Beverley broke out in the 2013 NBA playoffs. An unknown rookie brought over mid-season from Europe, he was suddenly sending the defending Western Conference champion Oklahoma City Thunder into fits. Beverley caught a tough break as a draftee, cut by the Miami Heat in final trim of their 2010 roster.
But with the Houston Rockets in 2013-14 season, Beverley showed that his playoff surge was no gimmicky fluke. He earned a place on the All-Defensive second team, and it wasn’t an accident; he solidified himself as one of the best point guard defenders in all of the league.
Watch this prototypical instance of what Beverley does for his team. Here he agitates the man with the ball (Minnesota Timberwolves guard Alexey Shved) without giving up space, and ultimately overwhelms Shved, causing a turnover. It’s an example of how his incredible work ethic and intensity pays off—perhaps no perimeter defender in the league can afford to take as many chances at the ball as he can.
He has a militaristic devotion to his footwork. As Beverley told Bleacher Report’s Jared Zwerling about his training:
I do track, I run football fields, I run hills. I run until you feel like you can't run any more. I do the pool, I do anything that takes my body to the limit. I push myself all the time, and the Rockets have great strength coaches. I'm in the gym after we play games. I just try to stay on top of my body because I understand that defense is my key, this is my niche for this team. I'm just kind of old school with (my training). In high school, my coach put 60 minutes on the clock and he had us doing stairs and running around the whole school. So that was instilled in me as a young kid. Up to this point, it's definitely helped me.
This clip of one of Beverley’s pregame routines speaks volumes about how his specifically-tailored regiments impact his playing style:
But here’s the thing: Beverley could be even better. If he weren’t on a Rockets team that’s otherwise so defensively challenged outside of the paint, he could be not only a lockdown defender but the sort of free safety that Eric Bledsoe was for the Phoenix Suns this past season. Bledsoe led all point guards with an astonishing 3.96 defensive real plus-minus, per ESPN advanced statistics. Beverley’s number, comparatively, was 1.29—good for sixth among point guards.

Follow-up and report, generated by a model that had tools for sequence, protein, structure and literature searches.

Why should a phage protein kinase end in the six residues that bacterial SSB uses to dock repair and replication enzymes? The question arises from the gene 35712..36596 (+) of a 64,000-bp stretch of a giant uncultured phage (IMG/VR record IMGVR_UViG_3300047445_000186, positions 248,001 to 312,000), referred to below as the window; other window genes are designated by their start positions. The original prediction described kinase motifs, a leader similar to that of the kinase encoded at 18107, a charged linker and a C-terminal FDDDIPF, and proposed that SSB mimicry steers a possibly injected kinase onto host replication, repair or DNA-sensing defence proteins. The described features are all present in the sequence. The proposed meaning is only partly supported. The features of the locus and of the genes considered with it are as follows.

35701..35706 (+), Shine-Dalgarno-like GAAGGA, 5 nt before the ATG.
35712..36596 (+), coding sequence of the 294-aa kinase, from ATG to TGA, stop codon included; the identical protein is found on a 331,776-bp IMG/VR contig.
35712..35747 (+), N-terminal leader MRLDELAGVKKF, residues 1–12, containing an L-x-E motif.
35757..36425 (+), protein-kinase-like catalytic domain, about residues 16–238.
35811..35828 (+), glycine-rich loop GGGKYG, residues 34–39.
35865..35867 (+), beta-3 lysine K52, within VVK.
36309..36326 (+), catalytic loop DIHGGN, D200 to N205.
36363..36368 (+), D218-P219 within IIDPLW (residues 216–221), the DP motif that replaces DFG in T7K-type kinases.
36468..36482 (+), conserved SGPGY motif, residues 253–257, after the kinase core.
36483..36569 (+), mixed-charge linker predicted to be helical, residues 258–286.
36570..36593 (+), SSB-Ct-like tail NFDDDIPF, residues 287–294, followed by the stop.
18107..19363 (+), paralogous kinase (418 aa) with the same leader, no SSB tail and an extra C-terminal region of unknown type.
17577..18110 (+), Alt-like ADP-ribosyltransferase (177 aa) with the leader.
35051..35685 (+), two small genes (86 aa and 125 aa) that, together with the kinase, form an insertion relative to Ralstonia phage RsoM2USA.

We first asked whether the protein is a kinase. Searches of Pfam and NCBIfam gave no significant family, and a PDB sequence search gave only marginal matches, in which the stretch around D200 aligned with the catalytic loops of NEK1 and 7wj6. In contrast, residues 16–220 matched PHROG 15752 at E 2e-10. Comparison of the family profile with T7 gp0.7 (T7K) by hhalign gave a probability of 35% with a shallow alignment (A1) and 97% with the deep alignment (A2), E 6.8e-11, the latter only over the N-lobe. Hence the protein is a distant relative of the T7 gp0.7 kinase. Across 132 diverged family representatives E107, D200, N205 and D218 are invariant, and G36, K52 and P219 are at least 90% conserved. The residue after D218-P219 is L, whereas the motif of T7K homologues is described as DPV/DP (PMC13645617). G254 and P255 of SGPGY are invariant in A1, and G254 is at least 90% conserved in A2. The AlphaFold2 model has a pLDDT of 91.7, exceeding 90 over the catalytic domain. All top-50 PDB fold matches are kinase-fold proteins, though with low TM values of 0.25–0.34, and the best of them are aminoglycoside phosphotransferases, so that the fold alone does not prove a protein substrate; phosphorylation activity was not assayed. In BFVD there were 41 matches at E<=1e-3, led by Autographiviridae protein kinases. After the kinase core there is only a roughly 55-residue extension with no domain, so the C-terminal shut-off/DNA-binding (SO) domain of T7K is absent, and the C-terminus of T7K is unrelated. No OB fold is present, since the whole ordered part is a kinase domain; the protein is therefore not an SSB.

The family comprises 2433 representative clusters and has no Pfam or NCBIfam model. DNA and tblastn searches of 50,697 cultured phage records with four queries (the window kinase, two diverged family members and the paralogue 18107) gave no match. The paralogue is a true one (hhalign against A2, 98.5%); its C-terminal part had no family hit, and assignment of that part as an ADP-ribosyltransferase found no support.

Roving for more turnover creation opportunities would go a huge distance for Beverley’s team, but he also knows he needs to get stronger to guard more shooting guards and wing players, per Zwerling. “I have to worry about being in the post and all that, so that's definitely my next step,” he says.
Beverley is just 6’1”, but Bledsoe and his old teacher with the Los Angeles Clippers, Chris Paul, have recently proven that height doesn’t need to be much of an impediment defensively. Paul’s shockingly effective defense of the gigantic Kevin Durant during the Western Conference Semifinals was the most visible proof of this truth. Memphis' Tony Allen did it in the previous round, too.
Both pushed into Durant’s body, leveraging their strength and lower center of gravity to undercut the MVP’s momentum. Beverley surely took notice, and will look to attack taller, lengthier players in the same fashion next season. It’s what his team will need from him.
Part of the equation for Beverley will be using his energy more strategically. From Bleacher Report’s Joe Flynn: “The second-year guard from Arkansas has developed a reputation as an unrelenting pest on D, picking up his man full court and hounding him for all 24 seconds of the shot clock.”
This manic style is a big part of what made Beverley such a popular player this season, and it’s fun to romanticize such a relentless ethic. But falling back and knowing the limits of the pieces on the chess board would benefit him, as he could reserve his defensive ferocity for circumstances, game settings more appropriate for such urgency.
It's safe to say that Beverley's non-step energy can be a bit reckless. Everyone remembers that he bothered Russell Westbrook and Damian Lillard, but both players were able to take advantage of his eagerness later on in games.
Especially if Beverley’s going to assume defensive assignments that involve guarding bigger-bodied players—a surely exhausting next step to take, regardless of how much weightlifting he puts in—he has to learn to marshal his defensive intensity into something more efficient if not artful.
Beverley was a defensive marvel last season. But he wants to improve this next one. And with some more strategy and conditioning, he easily can.
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